Elland Upper Edge Sunday School 

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On a stone slab, built into the wall near the entrance to the school, there was the following inscription-

Anno Domini 1841

Prior to the year 1898, when extensions on a large scale were made, this stone occupied a prominent position over the door.

The original building, like many others, erected amongst scattered populations in various parts of the country, stood, like a beacon of light in the surrounding darkness.

Those were the days when facilities for education were very limited, especially amongst the poorer classes.

To the pioneers of those schools, we owe a great debt of gratitude, for, apart from the moral instruction which was imparted, upon them fell the task of teaching the children rudimentary scraps of education.  These were very elementary indeed, for the teachers themselves were mostly illiterate men.

There are, however, evidences that some of those early workers possessed certain scholastic qualifications, for the records are well and neatly written, but the phraseology and spelling are not equal in merit to the penmanship. 

The following extract is culled from an old minute book:

"That a Sabbath School was established at Elland Upper Edge in the year of the Lord 1841, entitled a Union Sabbath School, for the express purpose of teaching children of all denominations, sect and party, to read and write."

It has been ascertained that a school existed prior to this date.  Whether it was the same building, or an improves structure is not clear, for we find that in the year 1834, applicaion was made to join the Halifax Sunday School Union.

At that time, there were 42 Teachers and 95 Scholars.

In the following year there is a report-

"We are sorry to state that for want of books, our school is much inconvenient.  We have been kindly assisted with a few Bibles, Testaments and Spelling Books by a neighbouring school which is to make good."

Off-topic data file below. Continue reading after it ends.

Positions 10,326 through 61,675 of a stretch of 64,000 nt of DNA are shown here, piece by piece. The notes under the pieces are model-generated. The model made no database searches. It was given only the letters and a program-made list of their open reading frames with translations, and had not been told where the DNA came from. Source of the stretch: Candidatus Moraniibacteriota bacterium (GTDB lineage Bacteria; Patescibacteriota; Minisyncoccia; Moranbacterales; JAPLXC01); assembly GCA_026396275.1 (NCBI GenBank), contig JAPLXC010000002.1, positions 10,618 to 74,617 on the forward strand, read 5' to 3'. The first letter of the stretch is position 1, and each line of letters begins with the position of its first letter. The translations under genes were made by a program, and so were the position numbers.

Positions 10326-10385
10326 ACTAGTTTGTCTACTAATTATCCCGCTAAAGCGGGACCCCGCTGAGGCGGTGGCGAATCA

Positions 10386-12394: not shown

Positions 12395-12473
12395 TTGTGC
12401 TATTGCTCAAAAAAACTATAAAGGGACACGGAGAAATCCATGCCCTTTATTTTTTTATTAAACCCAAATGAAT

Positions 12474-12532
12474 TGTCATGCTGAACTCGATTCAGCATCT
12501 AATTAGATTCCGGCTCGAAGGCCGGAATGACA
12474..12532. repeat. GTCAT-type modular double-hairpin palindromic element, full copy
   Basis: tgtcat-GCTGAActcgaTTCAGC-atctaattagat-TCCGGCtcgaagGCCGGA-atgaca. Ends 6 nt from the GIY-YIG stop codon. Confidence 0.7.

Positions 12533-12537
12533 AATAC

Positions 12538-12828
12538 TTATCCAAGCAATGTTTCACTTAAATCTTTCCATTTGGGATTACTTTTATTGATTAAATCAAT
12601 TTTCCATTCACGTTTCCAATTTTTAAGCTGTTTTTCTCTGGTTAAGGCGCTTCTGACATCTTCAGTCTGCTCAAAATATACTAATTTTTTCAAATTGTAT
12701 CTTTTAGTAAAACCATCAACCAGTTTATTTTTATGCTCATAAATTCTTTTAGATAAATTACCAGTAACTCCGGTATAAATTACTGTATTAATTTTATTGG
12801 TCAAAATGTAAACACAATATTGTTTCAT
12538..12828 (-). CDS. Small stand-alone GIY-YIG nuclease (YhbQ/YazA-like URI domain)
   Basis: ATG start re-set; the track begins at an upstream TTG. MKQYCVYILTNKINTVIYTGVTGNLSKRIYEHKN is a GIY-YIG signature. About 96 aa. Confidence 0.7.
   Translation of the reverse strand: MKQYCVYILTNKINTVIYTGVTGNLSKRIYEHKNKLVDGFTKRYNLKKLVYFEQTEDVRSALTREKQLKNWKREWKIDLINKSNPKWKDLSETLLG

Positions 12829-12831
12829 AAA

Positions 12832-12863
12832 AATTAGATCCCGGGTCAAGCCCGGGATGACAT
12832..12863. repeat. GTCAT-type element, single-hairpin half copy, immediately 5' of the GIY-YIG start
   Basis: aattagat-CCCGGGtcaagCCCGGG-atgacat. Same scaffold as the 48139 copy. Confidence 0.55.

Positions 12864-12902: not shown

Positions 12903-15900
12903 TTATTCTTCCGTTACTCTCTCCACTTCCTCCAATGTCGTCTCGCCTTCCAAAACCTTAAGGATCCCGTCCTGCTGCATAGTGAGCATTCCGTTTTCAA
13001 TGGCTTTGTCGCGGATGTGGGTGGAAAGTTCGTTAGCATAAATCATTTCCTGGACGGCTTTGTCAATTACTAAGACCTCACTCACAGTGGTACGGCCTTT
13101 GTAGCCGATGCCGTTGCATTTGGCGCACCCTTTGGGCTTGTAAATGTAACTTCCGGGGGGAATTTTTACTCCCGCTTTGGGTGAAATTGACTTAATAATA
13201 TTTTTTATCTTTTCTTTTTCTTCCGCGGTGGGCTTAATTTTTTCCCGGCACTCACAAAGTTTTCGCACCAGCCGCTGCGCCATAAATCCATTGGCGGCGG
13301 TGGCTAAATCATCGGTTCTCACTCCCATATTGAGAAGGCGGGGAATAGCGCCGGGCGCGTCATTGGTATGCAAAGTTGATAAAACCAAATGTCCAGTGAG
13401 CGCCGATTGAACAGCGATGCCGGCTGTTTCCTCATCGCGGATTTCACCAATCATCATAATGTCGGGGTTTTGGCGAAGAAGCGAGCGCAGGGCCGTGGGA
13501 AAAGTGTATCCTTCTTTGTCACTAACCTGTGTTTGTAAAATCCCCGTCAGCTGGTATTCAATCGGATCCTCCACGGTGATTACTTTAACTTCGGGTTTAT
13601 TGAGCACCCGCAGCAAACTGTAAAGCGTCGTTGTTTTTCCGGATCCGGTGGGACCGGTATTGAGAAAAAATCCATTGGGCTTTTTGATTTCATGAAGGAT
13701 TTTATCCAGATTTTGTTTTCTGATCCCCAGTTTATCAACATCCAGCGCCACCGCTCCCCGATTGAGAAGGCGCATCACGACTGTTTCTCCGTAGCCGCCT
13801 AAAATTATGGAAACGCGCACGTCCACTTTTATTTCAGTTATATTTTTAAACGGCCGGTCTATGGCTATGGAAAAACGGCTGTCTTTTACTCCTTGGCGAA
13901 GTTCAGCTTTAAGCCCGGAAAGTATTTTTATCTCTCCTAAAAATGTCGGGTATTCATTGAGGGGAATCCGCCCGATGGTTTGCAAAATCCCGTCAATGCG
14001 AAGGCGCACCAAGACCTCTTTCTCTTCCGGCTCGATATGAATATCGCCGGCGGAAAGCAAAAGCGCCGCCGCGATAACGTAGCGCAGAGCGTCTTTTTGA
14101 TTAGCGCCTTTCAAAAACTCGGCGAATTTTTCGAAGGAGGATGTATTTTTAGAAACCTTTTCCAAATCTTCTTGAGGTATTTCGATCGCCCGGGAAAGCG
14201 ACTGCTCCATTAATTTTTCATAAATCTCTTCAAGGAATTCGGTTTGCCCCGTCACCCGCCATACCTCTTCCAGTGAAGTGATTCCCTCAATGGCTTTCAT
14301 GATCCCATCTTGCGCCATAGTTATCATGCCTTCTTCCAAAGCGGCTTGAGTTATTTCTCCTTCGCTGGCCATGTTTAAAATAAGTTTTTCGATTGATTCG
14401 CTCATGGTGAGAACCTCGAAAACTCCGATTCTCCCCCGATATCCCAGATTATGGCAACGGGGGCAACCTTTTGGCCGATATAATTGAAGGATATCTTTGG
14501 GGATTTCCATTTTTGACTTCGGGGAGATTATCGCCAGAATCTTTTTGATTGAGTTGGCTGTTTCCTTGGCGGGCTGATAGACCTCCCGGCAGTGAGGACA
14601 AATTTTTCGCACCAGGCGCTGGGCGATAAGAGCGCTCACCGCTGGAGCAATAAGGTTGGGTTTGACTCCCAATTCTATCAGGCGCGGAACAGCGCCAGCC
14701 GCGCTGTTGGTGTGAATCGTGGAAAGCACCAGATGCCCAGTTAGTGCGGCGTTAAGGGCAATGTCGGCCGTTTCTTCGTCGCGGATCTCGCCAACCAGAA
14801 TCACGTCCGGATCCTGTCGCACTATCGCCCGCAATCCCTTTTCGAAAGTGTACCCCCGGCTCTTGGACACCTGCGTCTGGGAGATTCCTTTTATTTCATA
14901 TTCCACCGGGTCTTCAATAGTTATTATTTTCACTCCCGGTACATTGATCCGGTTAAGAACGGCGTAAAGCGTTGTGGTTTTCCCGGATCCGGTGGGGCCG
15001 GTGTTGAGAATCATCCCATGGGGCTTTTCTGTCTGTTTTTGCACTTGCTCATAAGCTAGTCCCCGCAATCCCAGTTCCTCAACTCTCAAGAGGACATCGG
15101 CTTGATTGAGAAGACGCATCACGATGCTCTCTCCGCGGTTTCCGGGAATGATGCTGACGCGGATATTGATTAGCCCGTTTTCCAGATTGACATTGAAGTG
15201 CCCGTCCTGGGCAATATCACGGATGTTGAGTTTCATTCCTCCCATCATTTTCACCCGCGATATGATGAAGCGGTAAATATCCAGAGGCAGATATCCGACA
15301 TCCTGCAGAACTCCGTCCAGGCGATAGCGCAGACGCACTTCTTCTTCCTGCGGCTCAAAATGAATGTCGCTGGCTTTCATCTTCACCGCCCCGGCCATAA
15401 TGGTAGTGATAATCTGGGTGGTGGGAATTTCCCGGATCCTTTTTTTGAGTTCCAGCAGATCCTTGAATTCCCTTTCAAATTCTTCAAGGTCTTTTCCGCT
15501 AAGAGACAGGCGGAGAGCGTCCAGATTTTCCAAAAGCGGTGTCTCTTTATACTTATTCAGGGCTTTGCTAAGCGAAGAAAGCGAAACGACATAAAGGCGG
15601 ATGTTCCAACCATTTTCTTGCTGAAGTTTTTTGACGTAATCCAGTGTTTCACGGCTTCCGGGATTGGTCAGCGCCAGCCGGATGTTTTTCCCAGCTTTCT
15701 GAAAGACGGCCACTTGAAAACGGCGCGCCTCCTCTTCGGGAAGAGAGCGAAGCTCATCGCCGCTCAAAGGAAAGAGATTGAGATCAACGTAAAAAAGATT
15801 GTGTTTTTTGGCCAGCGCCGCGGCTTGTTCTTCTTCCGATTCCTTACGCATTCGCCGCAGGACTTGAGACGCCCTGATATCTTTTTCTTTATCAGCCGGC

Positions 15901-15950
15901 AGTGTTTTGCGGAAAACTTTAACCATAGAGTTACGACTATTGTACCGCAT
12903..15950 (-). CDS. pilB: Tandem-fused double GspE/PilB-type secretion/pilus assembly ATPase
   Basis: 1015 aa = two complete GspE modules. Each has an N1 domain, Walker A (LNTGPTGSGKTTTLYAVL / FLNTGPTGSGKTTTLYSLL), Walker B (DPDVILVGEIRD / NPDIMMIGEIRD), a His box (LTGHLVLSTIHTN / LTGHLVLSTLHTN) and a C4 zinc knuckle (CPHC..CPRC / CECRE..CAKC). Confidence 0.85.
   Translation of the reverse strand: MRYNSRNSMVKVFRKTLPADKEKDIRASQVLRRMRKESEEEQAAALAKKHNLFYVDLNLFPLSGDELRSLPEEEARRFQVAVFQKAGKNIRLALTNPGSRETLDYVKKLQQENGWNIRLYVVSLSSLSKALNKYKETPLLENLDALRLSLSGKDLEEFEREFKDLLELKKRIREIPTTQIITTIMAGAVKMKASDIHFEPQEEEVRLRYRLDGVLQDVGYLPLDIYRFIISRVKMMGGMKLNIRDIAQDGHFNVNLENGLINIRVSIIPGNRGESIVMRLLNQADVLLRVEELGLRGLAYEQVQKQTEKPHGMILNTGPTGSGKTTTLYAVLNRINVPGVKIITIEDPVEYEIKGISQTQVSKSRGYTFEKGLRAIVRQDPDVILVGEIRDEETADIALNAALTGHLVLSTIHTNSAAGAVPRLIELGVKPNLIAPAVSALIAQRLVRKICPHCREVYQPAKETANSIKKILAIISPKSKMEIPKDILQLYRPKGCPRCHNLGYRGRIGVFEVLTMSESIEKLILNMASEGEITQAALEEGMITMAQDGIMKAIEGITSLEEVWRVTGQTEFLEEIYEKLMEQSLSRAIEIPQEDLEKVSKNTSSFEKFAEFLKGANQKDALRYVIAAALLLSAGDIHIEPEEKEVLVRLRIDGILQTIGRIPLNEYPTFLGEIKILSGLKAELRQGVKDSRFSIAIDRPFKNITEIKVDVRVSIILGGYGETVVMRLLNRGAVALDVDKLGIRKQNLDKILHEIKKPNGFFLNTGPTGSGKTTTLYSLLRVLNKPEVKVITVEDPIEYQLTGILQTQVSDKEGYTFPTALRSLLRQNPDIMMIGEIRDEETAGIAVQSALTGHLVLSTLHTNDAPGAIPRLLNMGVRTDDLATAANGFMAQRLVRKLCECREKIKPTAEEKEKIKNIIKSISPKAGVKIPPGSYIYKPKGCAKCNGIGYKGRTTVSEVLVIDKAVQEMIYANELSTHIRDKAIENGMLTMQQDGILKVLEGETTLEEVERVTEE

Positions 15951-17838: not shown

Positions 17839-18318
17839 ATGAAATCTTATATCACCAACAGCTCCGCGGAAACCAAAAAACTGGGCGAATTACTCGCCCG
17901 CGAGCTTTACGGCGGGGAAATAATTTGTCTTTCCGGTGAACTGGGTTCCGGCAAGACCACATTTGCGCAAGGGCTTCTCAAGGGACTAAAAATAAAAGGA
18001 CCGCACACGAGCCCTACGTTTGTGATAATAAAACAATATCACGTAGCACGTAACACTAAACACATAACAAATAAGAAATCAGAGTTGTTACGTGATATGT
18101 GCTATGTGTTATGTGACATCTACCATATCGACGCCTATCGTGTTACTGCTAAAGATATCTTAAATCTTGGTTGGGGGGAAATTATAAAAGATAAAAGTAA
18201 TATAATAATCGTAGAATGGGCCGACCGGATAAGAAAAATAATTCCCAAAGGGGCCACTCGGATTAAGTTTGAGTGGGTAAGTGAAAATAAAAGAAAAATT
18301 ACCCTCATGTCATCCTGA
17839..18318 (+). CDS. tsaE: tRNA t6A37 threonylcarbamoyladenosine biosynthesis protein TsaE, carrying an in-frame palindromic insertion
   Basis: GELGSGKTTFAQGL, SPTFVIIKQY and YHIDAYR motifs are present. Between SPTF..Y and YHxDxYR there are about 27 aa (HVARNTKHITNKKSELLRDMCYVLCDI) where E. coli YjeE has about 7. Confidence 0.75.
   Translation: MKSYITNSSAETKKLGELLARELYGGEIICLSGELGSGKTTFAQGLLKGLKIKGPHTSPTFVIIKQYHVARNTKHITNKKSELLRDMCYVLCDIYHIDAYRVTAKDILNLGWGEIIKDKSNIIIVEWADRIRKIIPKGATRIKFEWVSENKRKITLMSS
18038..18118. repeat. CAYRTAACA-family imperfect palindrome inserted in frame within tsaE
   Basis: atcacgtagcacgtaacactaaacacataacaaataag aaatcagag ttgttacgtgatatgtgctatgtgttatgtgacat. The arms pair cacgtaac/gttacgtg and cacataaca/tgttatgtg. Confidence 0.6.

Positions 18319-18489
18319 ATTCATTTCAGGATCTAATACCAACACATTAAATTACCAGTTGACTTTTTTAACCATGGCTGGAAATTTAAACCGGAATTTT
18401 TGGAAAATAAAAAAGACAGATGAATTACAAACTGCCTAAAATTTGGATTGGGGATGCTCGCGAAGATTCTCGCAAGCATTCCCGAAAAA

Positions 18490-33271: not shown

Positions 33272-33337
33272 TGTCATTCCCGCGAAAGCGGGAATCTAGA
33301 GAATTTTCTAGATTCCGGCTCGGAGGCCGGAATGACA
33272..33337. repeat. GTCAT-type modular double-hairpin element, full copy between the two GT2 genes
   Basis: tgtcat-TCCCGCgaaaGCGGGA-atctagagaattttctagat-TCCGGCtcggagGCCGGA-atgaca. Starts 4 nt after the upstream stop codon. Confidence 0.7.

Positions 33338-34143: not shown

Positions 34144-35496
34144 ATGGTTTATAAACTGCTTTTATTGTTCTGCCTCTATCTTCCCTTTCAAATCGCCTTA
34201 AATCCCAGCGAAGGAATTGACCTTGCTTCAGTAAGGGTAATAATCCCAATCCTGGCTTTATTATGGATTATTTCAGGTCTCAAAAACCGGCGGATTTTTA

They had now increased their number to 46 male teachers and 19 female, with 57 male scholars and 50 female.  In 1836, the Union obtained for them, from a London Society, a grant of Bibles, Testaments and other books, which was a material help to the school.  It is interesting to note that the scriptures occupied a definite place in the school's curriculum.

In 1839 there is a somewhat laconic entry "that they had received a notice to quit the premises."

In 1841 the internal management of the school seems to have been placed upon a more solid foundation.

The constitution was based upon 13 rules of a comprehensive character, one of which was rather ambitious.  It read-

"That lecturers be admitted on week days to lecture in the school on the following subjects.  Divinity, Philosophy, Astronomy, Geology, Geography, Appeal Corn Laws, National Education, Reading, Writing and the formation of a mental improvement to discuss any subject connected with the public good"

A committee of seven persons was appointed to "secure peace and good government."

Amongst the rules are:-

"That the school doors be opened a 1/4 of an hour before 10 o'clock, and business at 10, with singing and a short appropriate prayer suited to the occasion.  All children not here when prayer is over, the door to be locked before teaching."

"That strict attention and punctuality must be observed, as the Roll will be called immediately after prayer; and should anyone be too late, he or she will be requested to give an account of the cause for such lateness, and if he or she cannot do that, and afterwise commit a similar offence, their parents will be requested to show cause; and if found guilty of a third offence, the committee will exclude such disorderly children from the school."

It was also enacted that an Annual Meeting, called the Anniversary, should be held at which teachers and friends should gather to hear reports about activities during the year, and it was decided "That previous to the meeting, the children shall have a good banquet of spice cake and warm beer, and the teachers a good tea drinking at their own expense."